On July 10, Brier Island Whale and Seabird Cruises welcomed another mother and her calf to the Bay of Fundy. The mother was identified as Squiggle, an individual we have been sighting in the Bay since 1990. The arrival of Squiggle and her calf brings our total up to eleven, much better than our calf count in 2006 which was three! Usually in a season we average 4-5 calves but in later years we have seen that average increase as we are covering a broader range.
The calf swam beside its mother but entertained us in the meantime by rolling and tail lobbing (slapping the surface of the water). We obtained excellent photos of the calf's fluke print and dorsal fin so that we will recognize it when it returns to the Bay of Fundy.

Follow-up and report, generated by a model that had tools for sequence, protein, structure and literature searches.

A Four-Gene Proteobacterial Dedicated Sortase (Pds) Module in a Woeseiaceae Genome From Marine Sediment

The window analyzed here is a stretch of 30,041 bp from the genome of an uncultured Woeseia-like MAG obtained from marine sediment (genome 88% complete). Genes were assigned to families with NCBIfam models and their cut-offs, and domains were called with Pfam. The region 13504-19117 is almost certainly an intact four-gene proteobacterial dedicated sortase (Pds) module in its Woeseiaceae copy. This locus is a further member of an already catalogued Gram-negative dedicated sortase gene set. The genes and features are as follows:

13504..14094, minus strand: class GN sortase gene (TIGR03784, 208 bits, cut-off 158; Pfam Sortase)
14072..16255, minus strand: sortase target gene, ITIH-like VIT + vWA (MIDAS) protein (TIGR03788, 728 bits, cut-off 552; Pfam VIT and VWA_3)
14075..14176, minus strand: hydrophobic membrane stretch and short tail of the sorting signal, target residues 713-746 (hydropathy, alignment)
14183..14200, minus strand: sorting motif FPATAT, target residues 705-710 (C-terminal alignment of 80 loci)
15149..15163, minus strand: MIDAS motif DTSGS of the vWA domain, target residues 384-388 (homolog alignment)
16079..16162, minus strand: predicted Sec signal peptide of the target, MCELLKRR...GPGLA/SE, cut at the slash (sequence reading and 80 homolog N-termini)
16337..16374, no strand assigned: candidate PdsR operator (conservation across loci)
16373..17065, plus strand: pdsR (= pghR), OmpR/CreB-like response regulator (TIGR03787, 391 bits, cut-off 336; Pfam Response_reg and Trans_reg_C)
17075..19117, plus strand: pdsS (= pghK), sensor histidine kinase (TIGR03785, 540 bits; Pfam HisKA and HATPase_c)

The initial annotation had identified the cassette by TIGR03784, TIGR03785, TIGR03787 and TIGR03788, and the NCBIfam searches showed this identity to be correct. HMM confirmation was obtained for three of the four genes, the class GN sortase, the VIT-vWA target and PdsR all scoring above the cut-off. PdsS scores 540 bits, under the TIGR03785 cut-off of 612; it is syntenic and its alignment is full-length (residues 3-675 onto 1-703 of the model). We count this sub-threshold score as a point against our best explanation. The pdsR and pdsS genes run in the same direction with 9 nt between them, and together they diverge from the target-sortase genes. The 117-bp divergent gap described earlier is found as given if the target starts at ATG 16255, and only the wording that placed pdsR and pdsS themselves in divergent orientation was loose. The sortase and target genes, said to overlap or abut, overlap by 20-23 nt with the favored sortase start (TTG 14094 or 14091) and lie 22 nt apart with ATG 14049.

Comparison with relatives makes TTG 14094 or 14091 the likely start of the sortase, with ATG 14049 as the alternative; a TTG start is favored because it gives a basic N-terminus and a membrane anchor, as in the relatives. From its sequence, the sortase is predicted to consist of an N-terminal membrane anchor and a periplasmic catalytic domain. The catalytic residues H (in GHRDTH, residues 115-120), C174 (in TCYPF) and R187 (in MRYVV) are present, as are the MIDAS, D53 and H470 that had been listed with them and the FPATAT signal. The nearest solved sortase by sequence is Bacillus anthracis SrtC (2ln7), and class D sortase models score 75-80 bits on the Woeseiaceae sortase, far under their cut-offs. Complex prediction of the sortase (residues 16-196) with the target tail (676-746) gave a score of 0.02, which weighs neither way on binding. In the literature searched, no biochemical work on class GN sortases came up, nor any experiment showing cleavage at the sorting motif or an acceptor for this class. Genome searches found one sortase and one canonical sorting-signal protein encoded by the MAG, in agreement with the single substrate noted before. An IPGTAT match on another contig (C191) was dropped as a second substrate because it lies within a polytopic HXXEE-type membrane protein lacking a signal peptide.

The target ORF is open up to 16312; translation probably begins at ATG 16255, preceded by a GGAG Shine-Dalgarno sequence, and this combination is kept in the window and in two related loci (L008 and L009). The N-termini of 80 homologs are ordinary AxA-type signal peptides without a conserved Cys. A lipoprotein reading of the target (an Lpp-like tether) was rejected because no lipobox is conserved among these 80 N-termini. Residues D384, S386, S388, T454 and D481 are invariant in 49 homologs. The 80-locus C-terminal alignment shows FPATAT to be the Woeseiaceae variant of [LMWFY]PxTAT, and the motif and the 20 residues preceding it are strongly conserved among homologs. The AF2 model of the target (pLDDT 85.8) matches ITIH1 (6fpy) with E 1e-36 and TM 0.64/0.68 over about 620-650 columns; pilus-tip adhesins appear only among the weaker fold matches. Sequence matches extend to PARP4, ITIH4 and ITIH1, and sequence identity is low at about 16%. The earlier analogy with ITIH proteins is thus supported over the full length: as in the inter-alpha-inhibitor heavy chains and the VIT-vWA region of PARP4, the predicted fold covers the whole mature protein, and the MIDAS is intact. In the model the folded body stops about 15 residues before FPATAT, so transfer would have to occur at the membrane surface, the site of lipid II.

On July 14, we were pleased to see a North Atlantic Right Whale move into the Bay. This species is critically endangered with only approximately 350 remaining in the world! The Grand Manan Basin in Bay of Fundy is a summer feeding ground for the majority of this population. Another popular feeeding area for them is at Roseway Basin, off Nova Scotia's South Shore.